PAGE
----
Big Earthquake Could Devastate U.S. Midwest, Experts Warn

Stefan Lovgren
for National Geographic News
April 12, 2006

Californians know earthquakes. Many residents living near the infamous San Andreas Fault have likely felt their share of minor tremors and maybe even a few violent quakes.

But the approaching anniversary of the great 1906 earthquake that leveled San Francisco has some seismologists turning their attention to a completely different section of the United States.

It's the middle of the country, these scientists say, that could be at risk from the next "Big One"—and cities there aren't ready for the shock.

(Related photos: predicting the next big quake.)

The New Madrid seismic zone—where Missouri, Kentucky, Arkansas, and Tennessee meet—lies in the middle of the North American tectonic plate, thousands of miles from the plate boundaries where earthquakes usually occur.

The zone has three to five faults stretching about 120 miles (193 kilometers).

Mark Zoback is a geophysicist at Stanford University in Palo Alto, California, who has studied the New Madrid system for three decades.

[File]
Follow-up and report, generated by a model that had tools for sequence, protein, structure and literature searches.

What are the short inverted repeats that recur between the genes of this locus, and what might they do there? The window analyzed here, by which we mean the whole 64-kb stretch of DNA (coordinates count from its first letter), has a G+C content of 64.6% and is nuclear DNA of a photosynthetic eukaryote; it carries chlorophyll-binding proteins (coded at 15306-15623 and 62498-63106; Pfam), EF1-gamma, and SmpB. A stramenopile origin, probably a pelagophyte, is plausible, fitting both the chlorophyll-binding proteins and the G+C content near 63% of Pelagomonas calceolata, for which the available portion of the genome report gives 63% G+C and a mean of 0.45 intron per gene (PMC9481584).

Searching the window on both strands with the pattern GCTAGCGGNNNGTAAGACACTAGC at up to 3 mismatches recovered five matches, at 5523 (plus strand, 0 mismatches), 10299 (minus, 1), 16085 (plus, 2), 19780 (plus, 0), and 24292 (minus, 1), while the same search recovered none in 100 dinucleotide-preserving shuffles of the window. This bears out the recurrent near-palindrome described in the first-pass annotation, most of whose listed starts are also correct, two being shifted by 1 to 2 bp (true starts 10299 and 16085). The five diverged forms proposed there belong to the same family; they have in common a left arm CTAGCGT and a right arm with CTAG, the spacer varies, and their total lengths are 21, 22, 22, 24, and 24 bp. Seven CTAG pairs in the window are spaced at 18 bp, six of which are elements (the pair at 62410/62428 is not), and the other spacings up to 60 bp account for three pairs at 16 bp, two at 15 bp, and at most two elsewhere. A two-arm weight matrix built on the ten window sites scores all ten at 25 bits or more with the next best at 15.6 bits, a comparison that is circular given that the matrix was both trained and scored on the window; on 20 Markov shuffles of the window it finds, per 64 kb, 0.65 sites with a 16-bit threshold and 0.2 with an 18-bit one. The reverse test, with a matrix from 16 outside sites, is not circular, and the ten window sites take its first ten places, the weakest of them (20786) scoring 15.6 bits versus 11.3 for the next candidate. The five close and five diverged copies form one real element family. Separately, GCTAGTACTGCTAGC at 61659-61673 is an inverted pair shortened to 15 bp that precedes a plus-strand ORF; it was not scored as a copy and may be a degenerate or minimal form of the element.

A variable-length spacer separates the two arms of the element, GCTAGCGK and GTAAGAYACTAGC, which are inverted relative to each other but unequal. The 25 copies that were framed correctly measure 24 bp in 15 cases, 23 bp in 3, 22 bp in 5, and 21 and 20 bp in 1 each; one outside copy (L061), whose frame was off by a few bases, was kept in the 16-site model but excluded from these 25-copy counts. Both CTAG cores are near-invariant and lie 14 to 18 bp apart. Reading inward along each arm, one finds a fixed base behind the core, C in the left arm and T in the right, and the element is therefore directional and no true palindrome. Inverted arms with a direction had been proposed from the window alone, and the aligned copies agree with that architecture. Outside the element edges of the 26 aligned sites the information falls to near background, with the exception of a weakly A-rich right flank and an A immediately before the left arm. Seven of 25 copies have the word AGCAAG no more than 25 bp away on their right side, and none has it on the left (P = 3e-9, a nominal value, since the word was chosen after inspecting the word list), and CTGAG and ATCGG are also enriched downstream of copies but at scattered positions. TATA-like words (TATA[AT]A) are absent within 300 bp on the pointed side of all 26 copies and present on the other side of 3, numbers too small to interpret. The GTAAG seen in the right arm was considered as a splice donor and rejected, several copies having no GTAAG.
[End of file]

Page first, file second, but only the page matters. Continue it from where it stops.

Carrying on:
He and other experts warn that the region has a recent history of recurring seismic events, including three massive quakes that hit Missouri in 1811-1812.

But modern cities in the New Madrid zone are ill-prepared and could be destroyed if a similarly big earthquake hit them today, the scientists say.

Zoback and his colleagues presented their latest findings at the annual meeting of the American Association for the Advancement of Science this past February in St. Louis, Missouri.

Pressure Release

Most earthquakes occur at the edges of the tectonic plates that move across the surface of the Earth. Quakes are produced when the plates move over, under, or against each other.

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